The Yukon Party Memorial Highway

The Yukon Party Memorial Highway Re Tourism Promotion a Shot in the Dark, (the News, July 20): I have been in Whitehorse since early May, visiting relatives and exploring the beautiful Yukon. This is a truly spectacular part of our country. During my ti

Re Tourism Promotion a Shot in the Dark, (the News, July 20):

I have been in Whitehorse since early May, visiting relatives and exploring the beautiful Yukon. This is a truly spectacular part of our country.

During my time here, I drove to Dawson City for a few days and then to Alaska via the Alaska Highway. My time spent exploring the Yukon has been wonderful.

However, I must comment on the abominable condition of your major highways. There are two lengthy sections of gravel between Pelly Crossing and Dawson City. One of these sections was so dusty, with washboards and potholes, that I could only travel at 20 kilometres per hour for fear my older motorhome would vibrate apart.

The Alaska Highway from Sheep Mountain to Beaver Creek was no better: more than 50 kilometres of dust and deplorable driving conditions. The piece of highway by Sheep Mountain was in the same gravel state that it was in during my last visit five years ago! Why are these main highways not re-asphalted in a timely manner? It is inexcusable for your roads to be in this condition.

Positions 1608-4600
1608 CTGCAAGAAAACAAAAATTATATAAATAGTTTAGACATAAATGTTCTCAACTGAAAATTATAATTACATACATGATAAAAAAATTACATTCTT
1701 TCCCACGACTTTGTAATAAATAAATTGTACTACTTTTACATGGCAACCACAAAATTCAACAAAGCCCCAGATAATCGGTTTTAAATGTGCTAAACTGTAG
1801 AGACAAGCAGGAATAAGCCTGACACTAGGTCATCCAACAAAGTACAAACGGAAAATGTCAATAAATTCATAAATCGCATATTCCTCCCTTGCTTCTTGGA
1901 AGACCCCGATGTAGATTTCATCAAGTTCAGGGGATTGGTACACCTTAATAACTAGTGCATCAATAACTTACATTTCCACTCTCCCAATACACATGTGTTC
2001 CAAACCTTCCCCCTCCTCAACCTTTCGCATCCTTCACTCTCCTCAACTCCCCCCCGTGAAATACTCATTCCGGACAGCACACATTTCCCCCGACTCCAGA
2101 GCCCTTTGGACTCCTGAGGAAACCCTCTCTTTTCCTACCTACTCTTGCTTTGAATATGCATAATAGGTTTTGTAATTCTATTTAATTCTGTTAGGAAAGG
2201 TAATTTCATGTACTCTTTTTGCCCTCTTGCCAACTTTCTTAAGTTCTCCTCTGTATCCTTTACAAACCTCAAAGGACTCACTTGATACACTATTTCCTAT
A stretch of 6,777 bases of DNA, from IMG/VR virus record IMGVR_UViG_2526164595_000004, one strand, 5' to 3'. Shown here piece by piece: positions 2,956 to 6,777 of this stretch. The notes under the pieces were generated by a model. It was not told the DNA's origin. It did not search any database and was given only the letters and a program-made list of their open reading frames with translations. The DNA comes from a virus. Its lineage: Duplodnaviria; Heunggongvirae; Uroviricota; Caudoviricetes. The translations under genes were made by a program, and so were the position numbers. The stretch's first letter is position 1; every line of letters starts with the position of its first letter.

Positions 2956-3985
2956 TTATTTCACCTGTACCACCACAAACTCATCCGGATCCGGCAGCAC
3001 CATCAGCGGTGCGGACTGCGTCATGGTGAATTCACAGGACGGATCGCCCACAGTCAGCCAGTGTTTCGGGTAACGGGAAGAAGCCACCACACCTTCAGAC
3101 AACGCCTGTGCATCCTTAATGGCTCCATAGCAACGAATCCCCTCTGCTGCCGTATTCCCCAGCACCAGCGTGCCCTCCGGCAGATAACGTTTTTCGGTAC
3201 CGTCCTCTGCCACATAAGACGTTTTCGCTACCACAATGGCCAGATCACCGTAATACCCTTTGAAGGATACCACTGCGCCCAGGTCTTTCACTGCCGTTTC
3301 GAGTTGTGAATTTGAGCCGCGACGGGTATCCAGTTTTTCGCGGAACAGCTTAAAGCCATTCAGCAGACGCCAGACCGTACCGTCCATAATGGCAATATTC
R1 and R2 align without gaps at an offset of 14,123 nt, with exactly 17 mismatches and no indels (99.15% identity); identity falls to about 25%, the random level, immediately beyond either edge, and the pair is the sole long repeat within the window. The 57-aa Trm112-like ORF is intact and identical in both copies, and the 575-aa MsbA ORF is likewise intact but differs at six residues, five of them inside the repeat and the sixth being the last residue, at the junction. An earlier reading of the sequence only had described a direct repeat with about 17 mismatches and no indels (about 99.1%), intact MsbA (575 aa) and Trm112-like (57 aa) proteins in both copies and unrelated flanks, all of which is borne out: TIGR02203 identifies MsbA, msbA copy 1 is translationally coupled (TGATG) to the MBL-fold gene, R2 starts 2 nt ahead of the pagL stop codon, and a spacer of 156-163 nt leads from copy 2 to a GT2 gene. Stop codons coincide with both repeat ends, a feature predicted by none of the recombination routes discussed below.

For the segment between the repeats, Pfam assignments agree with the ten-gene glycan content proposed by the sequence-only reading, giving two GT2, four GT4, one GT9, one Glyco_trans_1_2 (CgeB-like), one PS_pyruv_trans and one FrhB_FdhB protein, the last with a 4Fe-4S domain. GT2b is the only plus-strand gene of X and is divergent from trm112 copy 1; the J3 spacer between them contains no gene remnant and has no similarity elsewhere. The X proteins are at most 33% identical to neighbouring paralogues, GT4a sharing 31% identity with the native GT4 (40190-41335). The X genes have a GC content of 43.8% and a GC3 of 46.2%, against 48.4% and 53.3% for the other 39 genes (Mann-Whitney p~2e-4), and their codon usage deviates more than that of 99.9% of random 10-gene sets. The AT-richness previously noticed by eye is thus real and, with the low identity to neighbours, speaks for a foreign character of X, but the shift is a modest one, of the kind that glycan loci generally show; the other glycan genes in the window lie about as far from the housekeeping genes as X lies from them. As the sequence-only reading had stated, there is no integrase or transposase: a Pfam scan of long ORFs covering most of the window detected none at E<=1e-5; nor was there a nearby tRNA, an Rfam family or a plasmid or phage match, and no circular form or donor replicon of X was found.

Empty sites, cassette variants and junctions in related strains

The US Customs official at Beaver Creek laughed when I commented on the Yukon roads. He said, “You’re in Alaska now; all our roads are good.”

He was right.

I drove more than 1,700 kilometres in Alaska and all their roads were great. One cannot use the argument that Yukon roads are subject to frost heaves and permafrost conditions. Surely, Alaska has the same challenges. Yet on a scale of 1 to 10, Alaska would get a 9, while Yukon roads would get a poor 3.

How can you attract tourists and generate all-important revenue with such a poorly maintained road system?

Yukoners and visitors to this beautiful landscape deserve better! Write your elected officials and tell them to reallocate funding necessary to fix your highways.

Christopher Bruntlett

Edmonton